Using the Digital Camera as a Design Tool

Most of my art is designed at least to some degree as I work on it.  When I am working on a teddy or other artwork, I frequently come to a place in the making, where I am stuck on a design decision.  I may have several options I am considering, but am having trouble picking the right one.  I try adding the different options temporarily and going back and forth looking to see which I like best, but it is hard for me to tell this way. Recently I started taking digital snapshots of my various design options.  This way I can quickly go from one to another and view them in the camera.  This also puts an extra step in the viewing (like looking at your work in a mirror) so your view is less biased and more distanced.  I have found this so helpful.  If I am really still stuck, I can upload them to my computer and view them at the same time in a photo-editing program.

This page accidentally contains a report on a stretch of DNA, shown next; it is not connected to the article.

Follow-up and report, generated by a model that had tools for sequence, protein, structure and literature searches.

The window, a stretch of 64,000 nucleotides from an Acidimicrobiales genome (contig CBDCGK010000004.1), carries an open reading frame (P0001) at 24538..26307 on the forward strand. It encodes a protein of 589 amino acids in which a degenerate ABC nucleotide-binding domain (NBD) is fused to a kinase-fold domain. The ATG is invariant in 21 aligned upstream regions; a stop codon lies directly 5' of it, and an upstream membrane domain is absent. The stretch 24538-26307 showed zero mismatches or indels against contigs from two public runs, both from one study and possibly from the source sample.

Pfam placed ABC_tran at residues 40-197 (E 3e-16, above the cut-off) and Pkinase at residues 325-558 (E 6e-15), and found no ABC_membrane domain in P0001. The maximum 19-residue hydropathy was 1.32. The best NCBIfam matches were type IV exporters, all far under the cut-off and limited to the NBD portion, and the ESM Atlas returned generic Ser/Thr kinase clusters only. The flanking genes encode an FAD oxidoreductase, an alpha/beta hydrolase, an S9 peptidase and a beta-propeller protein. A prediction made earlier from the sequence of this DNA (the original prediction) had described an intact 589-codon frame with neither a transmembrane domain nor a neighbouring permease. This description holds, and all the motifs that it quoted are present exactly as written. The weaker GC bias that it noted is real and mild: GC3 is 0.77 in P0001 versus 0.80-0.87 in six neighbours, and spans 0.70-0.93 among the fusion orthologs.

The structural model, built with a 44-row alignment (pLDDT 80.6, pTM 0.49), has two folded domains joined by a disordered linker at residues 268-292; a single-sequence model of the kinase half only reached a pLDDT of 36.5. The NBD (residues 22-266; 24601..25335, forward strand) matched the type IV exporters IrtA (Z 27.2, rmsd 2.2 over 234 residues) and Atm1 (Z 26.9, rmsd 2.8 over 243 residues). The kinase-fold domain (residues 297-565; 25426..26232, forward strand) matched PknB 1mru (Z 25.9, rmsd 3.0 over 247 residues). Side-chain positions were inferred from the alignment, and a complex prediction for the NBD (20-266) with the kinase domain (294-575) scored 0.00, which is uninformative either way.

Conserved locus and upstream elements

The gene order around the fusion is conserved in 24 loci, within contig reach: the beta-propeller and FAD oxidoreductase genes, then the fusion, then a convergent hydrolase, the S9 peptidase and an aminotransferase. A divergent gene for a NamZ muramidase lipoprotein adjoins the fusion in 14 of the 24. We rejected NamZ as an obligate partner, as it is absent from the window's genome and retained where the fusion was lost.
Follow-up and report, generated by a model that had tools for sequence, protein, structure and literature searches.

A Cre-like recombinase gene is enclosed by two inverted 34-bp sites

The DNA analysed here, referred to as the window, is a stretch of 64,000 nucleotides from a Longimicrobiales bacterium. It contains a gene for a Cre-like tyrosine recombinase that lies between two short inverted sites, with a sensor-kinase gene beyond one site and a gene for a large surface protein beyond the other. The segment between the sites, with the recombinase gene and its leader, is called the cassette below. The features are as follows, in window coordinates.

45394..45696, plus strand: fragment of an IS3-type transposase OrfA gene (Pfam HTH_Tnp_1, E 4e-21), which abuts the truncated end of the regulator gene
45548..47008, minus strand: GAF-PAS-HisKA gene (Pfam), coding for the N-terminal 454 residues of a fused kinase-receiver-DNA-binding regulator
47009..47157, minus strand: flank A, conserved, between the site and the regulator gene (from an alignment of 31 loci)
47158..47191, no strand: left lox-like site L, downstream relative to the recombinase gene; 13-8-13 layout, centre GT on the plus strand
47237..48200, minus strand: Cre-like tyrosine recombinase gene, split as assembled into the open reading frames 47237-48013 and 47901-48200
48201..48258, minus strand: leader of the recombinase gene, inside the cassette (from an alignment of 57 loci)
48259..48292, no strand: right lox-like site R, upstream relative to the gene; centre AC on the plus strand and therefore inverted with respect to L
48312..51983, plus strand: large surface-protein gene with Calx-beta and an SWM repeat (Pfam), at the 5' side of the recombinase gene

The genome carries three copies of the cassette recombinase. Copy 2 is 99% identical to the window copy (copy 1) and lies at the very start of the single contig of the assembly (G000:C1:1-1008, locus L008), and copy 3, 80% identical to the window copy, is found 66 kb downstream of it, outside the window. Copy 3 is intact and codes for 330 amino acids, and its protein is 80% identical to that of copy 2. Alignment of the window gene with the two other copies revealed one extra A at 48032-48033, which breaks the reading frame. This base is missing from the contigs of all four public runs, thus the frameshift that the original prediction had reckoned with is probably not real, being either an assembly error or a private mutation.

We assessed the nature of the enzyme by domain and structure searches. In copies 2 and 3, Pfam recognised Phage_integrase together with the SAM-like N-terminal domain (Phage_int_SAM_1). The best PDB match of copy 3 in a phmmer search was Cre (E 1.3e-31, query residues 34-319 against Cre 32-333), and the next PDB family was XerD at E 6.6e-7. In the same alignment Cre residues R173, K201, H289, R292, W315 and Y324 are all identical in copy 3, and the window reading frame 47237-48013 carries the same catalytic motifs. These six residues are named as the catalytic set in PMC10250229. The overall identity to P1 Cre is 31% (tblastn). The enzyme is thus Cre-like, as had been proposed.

Here are some snapshots I used when designing the face of a mohair rabbit and the accessories for a bear.

rabbit line mouth

rabbit upside-down v mouth

When I was making this rabbit, I couldn't decide what type of mouth to make, even after trying out one then the other using pins to hold the mouth in place.  Finally I took a digital snapshot of both variations and by comparing the photos was able to choose the upside-down V mouth.

isabel bell

isabel enamel ingle bell

isabel flower

isabel button collar

Here is Isabel before her accessories were added.  I tried two types of bells and a flower with a tarnished copper chain, and then a fabric collar with a large vintage pearl button.  I took digital photos of each variation and was intrigued to see that they all (except the flower variation) seemed to give her a boyish quality.  I had already decided that Isabel was a female bear.  My final solution came from a combination of ideas from the flower pendant and the button collar as you can see here.

isabel